President Ronald Reagan told one of his favorite stories when our country was deep in despair over rampant inflation, a sluggish economy and the Cold War and such. What follows is an excerpt from the book, How Ronald Reagan Changed My Life, by Peter Robinson.
Chapter One: “The Pony In the Dung Heap: When Life Buries You, Dig”
Journal Entry, June 2002:
Over lunch today I asked Ed Meese about one of Reagan’s favorite jokes. “The pony joke?” Meese replied. “Sure
I remember it. If I heard him tell it once, I heard him tell it a thousand times.”
The joke concerns twin boys of five or six. Worried that the boys had developed extreme personalities – one was a total pessimist, the other a total optimist – their parents took them to a psychiatrist.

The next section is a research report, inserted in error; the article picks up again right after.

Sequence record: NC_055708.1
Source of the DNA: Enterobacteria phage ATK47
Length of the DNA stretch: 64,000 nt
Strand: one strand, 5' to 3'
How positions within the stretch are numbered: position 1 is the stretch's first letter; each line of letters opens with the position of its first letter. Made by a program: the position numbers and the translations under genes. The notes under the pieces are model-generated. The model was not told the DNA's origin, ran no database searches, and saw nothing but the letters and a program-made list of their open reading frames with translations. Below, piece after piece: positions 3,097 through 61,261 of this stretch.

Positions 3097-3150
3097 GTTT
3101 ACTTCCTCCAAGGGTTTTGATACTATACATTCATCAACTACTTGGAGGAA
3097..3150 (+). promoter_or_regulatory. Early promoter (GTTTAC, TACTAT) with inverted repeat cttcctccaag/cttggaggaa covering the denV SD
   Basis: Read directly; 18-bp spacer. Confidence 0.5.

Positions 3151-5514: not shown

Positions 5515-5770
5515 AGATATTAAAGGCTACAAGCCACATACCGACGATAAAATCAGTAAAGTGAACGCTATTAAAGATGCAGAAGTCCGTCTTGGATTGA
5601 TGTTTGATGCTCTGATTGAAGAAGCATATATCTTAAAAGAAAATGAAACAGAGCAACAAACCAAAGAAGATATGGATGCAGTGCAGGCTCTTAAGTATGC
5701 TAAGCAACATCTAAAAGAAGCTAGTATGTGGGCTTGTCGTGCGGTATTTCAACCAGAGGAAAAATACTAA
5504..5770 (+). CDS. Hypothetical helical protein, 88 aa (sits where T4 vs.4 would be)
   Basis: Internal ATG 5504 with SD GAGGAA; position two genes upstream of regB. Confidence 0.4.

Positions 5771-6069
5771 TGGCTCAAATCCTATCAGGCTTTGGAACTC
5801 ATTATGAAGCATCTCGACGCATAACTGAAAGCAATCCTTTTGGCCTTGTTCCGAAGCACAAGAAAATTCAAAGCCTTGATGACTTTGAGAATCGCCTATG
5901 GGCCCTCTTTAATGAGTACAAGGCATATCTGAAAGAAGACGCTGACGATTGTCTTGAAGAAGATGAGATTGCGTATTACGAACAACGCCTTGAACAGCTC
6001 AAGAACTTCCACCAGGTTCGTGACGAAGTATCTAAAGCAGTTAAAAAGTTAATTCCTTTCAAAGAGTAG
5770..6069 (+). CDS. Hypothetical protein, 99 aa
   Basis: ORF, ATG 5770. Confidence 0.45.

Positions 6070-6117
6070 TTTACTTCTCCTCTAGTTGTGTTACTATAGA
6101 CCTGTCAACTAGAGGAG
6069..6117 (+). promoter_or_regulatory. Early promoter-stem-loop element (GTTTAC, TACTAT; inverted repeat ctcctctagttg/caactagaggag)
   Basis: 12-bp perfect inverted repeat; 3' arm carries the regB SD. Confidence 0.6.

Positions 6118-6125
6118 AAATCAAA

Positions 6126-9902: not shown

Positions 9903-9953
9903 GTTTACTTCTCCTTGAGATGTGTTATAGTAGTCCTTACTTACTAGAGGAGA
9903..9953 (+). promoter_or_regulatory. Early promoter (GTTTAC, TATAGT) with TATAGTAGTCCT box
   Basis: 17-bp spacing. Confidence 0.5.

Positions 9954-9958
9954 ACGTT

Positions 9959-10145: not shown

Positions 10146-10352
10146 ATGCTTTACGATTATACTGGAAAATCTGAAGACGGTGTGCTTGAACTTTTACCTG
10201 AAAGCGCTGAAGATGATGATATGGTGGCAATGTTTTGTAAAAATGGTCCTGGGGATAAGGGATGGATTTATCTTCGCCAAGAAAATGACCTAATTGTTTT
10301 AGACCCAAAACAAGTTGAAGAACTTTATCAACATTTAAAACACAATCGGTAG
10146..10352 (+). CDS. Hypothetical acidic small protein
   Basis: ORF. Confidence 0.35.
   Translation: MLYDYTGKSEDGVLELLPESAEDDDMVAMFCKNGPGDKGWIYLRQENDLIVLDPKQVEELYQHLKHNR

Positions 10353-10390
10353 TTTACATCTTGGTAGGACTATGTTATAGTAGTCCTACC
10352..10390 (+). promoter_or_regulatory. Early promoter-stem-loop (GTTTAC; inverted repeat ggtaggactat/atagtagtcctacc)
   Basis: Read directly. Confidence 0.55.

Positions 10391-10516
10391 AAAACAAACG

First the psychiatrist treated the pessimist. Trying to brighten his outlook, the psychiatrist took him to a room piled to the ceiling with brand-new toys. But instead of yelping with delight, the little boy burst into tears. “What’s the matter?” the psychiatrist asked, baffled. “Don’t you want to play with any of the toys?” “Yes,” the little boy bawled, “but if I did I’d only break them.”
Next the psychiatrist treated the optimist. Trying to dampen his outlook, the psychiatrist took him to a room piled to the ceiling with horse manure. But instead of wrinkling his nose in disgust, the optimist emitted just the yelp of delight the psychiatrist had been hoping to hear from his brother, the pessimist. Then he clambered to the top of the pile, dropped to his knees, and began gleefully digging out scoop after scoop with his bare hands. “What do you think you’re doing?” the psychiatrist asked, just as baffled by the optimist as he had been by the pessimist. “With all this manure,” the little boy replied, beaming, “there must be a pony in here somewhere!”